“(i) We are surprised if not shocked that such appeals are being brought before us and precious judicial time is being wasted that too by the Revenue. The least and minimum that is expected from the Revenue officers is to accept and abide by the Tribunal’s findings in such matters and when they are based on settled principles of law. If they are not deviating from such principles and are not perverse but consistent with the material on record, then, we do not find justification for filing of such appeals. We have found that merely expressing displeasure orally is not serving any purpose;
(ii) Time and again we have to deal with such Appeals. Merely because they are filed that they get listed on the Daily Admission Board. The Advocates filing them and routinely, so also those instructing them do not have authority to withdraw them. Consequently, they are pressed and argued resulting in a hearing, may be brief and an order of this Court dismissing them. Some times there are at least 35 such cases on our daily board. We do not understand why higher officials do not have the courage to take bold decisions particularly of not pursuing such matters upto this court or higher. Because the assessee is a leading Public Limited Company should not act as a deterrent for them to take a informed, rational decision and subserving larger Public Interest “.
The Court levied a fine of Rs. 3 lakhs on the Department and directed that the same may be recovered from the officials.
Taxpayers spend Rs. 1000+ crore in legal costs
The learned author has opined that challenging/ defending the orders of the CsIT(A) has a high impact cost for the Department as well as the taxpayers.
He has estimated that taxpayers spend nearly Rs. 1000 crore by way of huge fees to Chartered Accountants and lawyers in dealing with the litigation at ITAT, High Court and Supreme Court.
A similar cost is incurred by the Department by way of Payments to Departmental Counsel at High Courts and Supreme Court.
There is also the cost of manpower and office space required to be incurred.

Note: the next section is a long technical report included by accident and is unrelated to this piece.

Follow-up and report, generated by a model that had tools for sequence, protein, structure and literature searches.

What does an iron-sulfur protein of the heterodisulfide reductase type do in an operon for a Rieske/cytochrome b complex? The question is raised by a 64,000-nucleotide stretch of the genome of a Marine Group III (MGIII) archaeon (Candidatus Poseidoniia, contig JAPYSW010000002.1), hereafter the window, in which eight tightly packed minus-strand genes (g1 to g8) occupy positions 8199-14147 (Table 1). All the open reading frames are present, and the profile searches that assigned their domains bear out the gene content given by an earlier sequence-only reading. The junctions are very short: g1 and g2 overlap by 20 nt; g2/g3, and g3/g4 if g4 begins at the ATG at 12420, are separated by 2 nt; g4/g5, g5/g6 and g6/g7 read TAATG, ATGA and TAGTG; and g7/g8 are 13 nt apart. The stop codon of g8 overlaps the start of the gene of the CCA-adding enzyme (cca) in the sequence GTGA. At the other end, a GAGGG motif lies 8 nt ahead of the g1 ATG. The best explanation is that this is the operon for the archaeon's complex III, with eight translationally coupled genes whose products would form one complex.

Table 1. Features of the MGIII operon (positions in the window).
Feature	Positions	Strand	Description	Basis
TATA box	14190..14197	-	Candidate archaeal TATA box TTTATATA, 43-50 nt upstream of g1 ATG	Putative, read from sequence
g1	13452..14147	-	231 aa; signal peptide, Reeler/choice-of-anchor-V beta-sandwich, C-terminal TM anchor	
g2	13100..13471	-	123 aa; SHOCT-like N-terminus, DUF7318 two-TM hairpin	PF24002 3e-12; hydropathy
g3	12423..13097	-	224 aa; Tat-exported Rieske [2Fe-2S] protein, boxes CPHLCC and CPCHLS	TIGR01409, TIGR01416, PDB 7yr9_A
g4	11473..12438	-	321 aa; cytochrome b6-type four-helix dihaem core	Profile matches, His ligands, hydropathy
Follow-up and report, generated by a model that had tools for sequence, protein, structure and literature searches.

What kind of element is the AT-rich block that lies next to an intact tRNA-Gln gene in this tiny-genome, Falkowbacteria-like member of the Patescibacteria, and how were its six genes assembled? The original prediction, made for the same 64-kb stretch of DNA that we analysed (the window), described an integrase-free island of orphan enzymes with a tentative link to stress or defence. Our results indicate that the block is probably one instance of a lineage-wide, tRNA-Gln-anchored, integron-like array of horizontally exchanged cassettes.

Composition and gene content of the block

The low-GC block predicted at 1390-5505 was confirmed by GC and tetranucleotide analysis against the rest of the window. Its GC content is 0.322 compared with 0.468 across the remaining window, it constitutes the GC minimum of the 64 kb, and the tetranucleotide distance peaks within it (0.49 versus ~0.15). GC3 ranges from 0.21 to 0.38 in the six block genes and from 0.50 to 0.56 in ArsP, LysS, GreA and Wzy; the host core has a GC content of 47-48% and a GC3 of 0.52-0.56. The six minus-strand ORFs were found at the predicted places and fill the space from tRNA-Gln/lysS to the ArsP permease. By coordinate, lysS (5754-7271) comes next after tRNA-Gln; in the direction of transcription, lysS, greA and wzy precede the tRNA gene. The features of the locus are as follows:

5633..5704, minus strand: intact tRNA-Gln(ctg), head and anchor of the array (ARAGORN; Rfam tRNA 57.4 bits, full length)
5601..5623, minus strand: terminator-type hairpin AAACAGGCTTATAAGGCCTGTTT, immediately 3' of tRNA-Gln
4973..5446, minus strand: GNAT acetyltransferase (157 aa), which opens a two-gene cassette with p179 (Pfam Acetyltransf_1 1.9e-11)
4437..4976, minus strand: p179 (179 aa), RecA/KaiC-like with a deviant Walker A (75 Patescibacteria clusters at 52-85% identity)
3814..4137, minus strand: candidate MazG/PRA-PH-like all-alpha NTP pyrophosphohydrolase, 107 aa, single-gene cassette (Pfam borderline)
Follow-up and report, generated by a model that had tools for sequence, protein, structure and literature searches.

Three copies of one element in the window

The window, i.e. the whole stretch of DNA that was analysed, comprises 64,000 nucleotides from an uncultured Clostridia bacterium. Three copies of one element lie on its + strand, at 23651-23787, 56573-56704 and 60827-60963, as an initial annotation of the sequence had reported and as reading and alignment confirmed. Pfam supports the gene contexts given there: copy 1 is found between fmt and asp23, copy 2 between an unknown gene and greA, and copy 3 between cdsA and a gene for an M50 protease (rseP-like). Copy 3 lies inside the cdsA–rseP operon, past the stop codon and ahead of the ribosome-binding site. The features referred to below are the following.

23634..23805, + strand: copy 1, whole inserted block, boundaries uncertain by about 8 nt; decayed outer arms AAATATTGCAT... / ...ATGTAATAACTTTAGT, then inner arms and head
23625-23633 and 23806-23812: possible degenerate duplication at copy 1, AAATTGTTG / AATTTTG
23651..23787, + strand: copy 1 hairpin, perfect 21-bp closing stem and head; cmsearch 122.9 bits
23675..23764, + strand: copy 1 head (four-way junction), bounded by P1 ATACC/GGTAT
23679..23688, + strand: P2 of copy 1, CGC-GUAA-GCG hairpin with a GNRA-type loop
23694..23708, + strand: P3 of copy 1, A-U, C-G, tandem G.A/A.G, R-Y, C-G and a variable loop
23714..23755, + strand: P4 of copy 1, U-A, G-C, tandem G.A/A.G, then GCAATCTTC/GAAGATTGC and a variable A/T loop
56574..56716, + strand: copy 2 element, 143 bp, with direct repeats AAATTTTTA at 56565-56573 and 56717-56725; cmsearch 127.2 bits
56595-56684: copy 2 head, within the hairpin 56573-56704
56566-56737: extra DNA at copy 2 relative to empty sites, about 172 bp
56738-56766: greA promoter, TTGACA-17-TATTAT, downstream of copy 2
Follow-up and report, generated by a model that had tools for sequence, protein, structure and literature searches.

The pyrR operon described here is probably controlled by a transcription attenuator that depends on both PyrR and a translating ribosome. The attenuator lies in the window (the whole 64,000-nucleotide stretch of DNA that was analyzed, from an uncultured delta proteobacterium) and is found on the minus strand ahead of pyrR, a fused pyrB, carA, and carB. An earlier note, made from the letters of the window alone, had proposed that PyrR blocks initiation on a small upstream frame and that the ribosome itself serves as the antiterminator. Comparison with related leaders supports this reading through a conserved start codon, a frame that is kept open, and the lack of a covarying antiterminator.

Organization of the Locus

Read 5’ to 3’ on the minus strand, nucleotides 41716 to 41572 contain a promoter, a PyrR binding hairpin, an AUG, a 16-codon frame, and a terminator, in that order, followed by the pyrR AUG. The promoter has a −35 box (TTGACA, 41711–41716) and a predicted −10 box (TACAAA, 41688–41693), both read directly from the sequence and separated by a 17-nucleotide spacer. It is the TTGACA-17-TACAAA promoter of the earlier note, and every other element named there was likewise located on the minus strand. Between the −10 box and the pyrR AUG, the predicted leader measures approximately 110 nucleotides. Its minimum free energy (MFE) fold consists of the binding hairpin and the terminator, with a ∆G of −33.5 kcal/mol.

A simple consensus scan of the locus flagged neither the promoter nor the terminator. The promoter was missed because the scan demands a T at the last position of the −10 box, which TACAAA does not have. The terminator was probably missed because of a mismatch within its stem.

If 99% of returns are accepted, why not orders of the CsIT(A)
The author has pointed out that the stated policy of the Government is that 99% of the Returns of income are not scrutinized and are accepted.
Similarly, 99% of the assessment orders of Assessing Officers are accepted and not subjected to revision.
“When 99% Returns of the taxpayers and Assessment orders of AOs which happen to be much junior to CIT (A) are accepted, what is the harm in accepting Orders of CIT (A), who generally after more than 20 years of service, and after vigilance clearance and on the basis of excellent performance annual reports are promoted as Commissioner by the DPC held by UPSC?” he has asked pertinently.
Uncertainly discourages investment decisions and slows down economic progress
The ld. author has also rightly pointed out that stability and certainty is important for a good tax policy.
He has emphasized that uncertainly over final tax liability greatly discourages important investment decisions and slows down the economic progress.
He has also pointed out that large numbers of extremely educated and talented Indian citizens, both in the department and as tax practitioners, are involved in fruitless litigation.
“It is high time the department should accept the decision of its own very senior officer,” he has suggested.